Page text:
Do we Get what we Feel we Deserve?

This is my experience of life so far. In the past when my level of self compassion and love was low and the inner critic ruled the roost, I accepted poor quality relationships and I lived in financial difficulty. During that time if somebody were to try and give me more than I felt I deserved I would reject it. It made me feel too uncomfortable because it was unfamiliar. I was not very attracted to emotionally healthy or successful people anyway so this rarely happened, and I kept myself where I felt comfortable instead.

Where I felt comfortable originated in the way I had been conditioned as a child, what I was familiar with and what I was used to. My parents were quite critical, did not have great self esteem and did not have a very happy relationship and so a happy thriving healthy relationship this was not modelled for me as a child, and I didnt really know what that looked like. I thought relationships were like  what I saw and so came to expect for that for myself. I was even told repeatedly that I would end up with someone like my dad. And I did, many times!

It took learning to be kinder to myself to change this pattern. There were initial big hurdles and a lot of resistance to get over at first when I realised that being compassionate with everyone included myself. It included myself! What a realisation. What was I doing excluding myself from all this compassion I was giving out to the world anyway?!

Well when the penny dropped I set about allowing a softer more loving approach to myself. I learned to recognise the voice of the inner critic and I gently and patiently listened and said ‘Thanks I hear you Inner Critic but not now thanks’, and I learned a more forgiving and nurturing way of talking to and being with myself. You could call it a type of reparenting. At first I started off with writing lists of what I liked about myself. And this helped the realisation that I am lovable to settle in a bit. I found and challenged beliefs that I had. Things like ‘life is a hard struggle’.

Nowadays I forgive myself quickly for apparent blunders, for having nasty thoughts, for everything really. I watch out for self sabotage (in a loving way of course) because self sabotage is the way we unconsciously try and maintain familiarity and comfort when we start to move beyond the limitations we were conditioned to have.

My life has moved on quickly these last few years and improved hugely. I have left behind most old friendships, new ones have appeared and I spend a lot more time alone now. I enjoy my own company now that I am more at peace within and the old inner civil war has ceased. In fact, you could say that I am having a love affair with myself, it is a tiny bit like falling in love with someone 🙂 Also my business is now thriving as my self worth has increased and I have some savings for the first time in my life too. I no longer undercharge and give things away to my wealthy clients for free in a attempt to get their approval.

I trust that this does not sound like narcissism. That is not the type of self love I am describing. When my self compassion level was low, I was a lot more narcissistic, selfish and self centred than I am now. I see that people who have narcissistic tendencies are often very insecure. The love I am describing is like an ‘inner love bank’, and keeping that bank topped up with regular self nurturing causes it to overflow and we have a lot more to give to others (which of course is giving to ourselves as we are not separate). When my self hatred level was high, my inner love bank was relatively empty, so I had less to give the world.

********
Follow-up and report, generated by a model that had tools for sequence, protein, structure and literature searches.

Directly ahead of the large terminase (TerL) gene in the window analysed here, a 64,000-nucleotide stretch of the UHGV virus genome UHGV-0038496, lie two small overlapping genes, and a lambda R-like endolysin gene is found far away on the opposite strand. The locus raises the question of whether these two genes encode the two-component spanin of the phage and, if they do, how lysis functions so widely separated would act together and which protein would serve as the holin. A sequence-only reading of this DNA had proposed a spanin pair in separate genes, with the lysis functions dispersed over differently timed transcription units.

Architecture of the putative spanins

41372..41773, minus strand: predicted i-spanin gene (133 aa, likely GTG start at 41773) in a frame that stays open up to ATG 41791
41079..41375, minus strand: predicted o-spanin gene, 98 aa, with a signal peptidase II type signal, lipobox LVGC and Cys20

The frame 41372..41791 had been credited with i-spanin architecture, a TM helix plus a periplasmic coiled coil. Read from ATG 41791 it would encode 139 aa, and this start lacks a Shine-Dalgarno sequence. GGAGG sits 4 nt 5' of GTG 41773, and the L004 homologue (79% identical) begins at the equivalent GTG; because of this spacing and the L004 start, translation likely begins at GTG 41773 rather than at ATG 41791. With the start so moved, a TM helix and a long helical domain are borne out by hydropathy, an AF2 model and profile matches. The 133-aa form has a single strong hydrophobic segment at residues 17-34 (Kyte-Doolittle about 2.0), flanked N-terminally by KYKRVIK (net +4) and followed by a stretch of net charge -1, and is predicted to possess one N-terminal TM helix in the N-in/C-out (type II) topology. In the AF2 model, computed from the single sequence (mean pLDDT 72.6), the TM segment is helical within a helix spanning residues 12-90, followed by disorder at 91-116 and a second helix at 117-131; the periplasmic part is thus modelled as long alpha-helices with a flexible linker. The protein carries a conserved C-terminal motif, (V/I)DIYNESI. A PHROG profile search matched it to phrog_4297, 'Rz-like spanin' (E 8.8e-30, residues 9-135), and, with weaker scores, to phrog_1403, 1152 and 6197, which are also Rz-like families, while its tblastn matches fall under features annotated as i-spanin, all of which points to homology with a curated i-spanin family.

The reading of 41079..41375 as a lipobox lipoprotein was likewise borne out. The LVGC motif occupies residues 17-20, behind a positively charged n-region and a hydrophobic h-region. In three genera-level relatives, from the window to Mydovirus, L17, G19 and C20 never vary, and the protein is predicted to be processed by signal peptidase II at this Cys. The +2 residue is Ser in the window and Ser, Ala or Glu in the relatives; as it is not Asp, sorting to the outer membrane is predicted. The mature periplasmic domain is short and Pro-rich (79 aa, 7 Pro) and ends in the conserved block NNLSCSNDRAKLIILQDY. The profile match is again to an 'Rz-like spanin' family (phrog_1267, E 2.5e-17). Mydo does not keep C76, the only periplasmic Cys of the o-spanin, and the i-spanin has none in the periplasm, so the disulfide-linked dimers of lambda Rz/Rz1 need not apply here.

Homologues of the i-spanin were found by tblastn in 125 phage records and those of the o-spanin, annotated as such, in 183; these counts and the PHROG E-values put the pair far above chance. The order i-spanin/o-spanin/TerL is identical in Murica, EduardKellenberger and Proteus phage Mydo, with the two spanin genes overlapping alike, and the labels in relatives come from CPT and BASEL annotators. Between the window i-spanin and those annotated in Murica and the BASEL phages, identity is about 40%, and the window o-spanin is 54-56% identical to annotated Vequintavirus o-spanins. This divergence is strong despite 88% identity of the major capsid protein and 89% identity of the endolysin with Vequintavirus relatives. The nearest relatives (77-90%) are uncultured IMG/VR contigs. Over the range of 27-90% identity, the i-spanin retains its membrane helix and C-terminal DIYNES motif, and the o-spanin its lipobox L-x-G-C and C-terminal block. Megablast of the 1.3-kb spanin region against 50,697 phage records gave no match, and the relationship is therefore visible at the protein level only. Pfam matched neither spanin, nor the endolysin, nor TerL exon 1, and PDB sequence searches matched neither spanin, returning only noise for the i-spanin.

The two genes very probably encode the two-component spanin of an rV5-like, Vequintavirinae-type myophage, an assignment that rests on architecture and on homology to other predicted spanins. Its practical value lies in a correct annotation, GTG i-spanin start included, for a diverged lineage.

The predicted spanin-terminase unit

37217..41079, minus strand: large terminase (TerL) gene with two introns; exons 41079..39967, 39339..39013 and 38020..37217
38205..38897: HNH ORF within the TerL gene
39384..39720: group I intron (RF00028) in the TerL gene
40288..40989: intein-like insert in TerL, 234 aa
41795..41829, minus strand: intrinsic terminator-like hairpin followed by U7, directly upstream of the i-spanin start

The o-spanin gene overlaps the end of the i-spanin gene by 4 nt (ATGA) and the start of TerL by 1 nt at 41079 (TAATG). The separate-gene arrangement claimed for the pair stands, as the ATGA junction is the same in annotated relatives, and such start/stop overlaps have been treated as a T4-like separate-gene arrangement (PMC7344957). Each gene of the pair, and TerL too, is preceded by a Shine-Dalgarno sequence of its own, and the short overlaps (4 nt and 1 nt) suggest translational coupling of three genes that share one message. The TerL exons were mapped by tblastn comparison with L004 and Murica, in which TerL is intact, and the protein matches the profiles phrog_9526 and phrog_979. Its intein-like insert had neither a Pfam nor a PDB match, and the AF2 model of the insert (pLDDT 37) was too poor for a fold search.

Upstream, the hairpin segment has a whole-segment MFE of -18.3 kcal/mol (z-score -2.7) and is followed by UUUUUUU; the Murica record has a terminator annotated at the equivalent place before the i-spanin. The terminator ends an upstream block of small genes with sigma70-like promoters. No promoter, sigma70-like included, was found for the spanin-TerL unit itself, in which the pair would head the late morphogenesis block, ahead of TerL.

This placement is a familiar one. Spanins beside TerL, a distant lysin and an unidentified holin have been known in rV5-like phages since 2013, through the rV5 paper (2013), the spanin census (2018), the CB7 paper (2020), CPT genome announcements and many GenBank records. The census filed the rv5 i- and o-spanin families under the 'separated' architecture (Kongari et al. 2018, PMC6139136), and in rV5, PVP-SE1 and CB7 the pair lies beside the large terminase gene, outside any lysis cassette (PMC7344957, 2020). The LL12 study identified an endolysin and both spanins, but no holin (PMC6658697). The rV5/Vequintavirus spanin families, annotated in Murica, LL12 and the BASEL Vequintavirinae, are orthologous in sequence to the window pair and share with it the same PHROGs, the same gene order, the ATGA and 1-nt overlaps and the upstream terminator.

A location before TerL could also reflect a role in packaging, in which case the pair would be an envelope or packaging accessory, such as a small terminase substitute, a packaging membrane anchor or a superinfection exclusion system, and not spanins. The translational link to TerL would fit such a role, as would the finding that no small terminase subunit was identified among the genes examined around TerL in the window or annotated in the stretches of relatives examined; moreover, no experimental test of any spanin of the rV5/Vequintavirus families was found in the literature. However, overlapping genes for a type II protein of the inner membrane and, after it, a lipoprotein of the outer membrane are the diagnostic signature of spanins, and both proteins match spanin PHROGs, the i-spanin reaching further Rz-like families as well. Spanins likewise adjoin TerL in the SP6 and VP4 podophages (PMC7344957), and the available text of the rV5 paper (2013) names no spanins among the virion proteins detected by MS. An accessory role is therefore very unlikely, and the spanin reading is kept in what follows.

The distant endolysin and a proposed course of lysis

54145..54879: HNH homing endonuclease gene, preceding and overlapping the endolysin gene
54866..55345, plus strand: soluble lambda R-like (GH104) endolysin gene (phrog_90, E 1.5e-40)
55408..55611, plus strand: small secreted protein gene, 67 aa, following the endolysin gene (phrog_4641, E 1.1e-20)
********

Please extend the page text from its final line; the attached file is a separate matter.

I have been writing about this process of ‘coming home’ a lot here these last months mostly for my own therapeutic grounding. It can feel daunting moving into unknown territory even when it is welcomed change for the better. I also write because I want to spread the word that we do not have to settle for the expectations that our parents and elders instilled.

Now that I am starting to settle into a life of less strife, conflict and drama, and greater thriving in every area of life I am looking around me and seeing that so many share this experience of self limitation and low expectation due to conditioning. (And I can see the opposite too of course). I am wondering how much poverty could be alleviated by people learning to love and cherish themselves more and break free from these limits? This is quite a big question to ask, as the implication is that poverty can be at least partly self inflicted. This does not fit with the ‘victim’ label we tend to place on those who are living in poverty.

It is clear that poverty is caused largely by unwise government policy, substandard housing and low job opportunities but I wonder if it is the whole picture? This was confirmed by a local head teacher here at a school in a deprived area. He said that his biggest challenge with getting kids to do well in school is not ability, but confidence.

It may be that I am completely mistaken and this is coming from naivety due to limited understanding and very little experience of what it is like to live in poverty in a deprived neighbourhood. Despite the limitations instilled in me, I did grow up in an educated middle class family in a beautiful large Victorian house in a safe neighbourhood. We were not rich but I had relatives who were and are very wealthy, so I had some idea of what that looks like.

To be continued…these are just a few half formed thoughts I am having today. It excites me the idea that if we could somehow get to kids early and introduce show them they can be really really good and lovely to themselves even if they haven’t been treated well or have not seen many thriving around them where they live, that it could have a positive effect.



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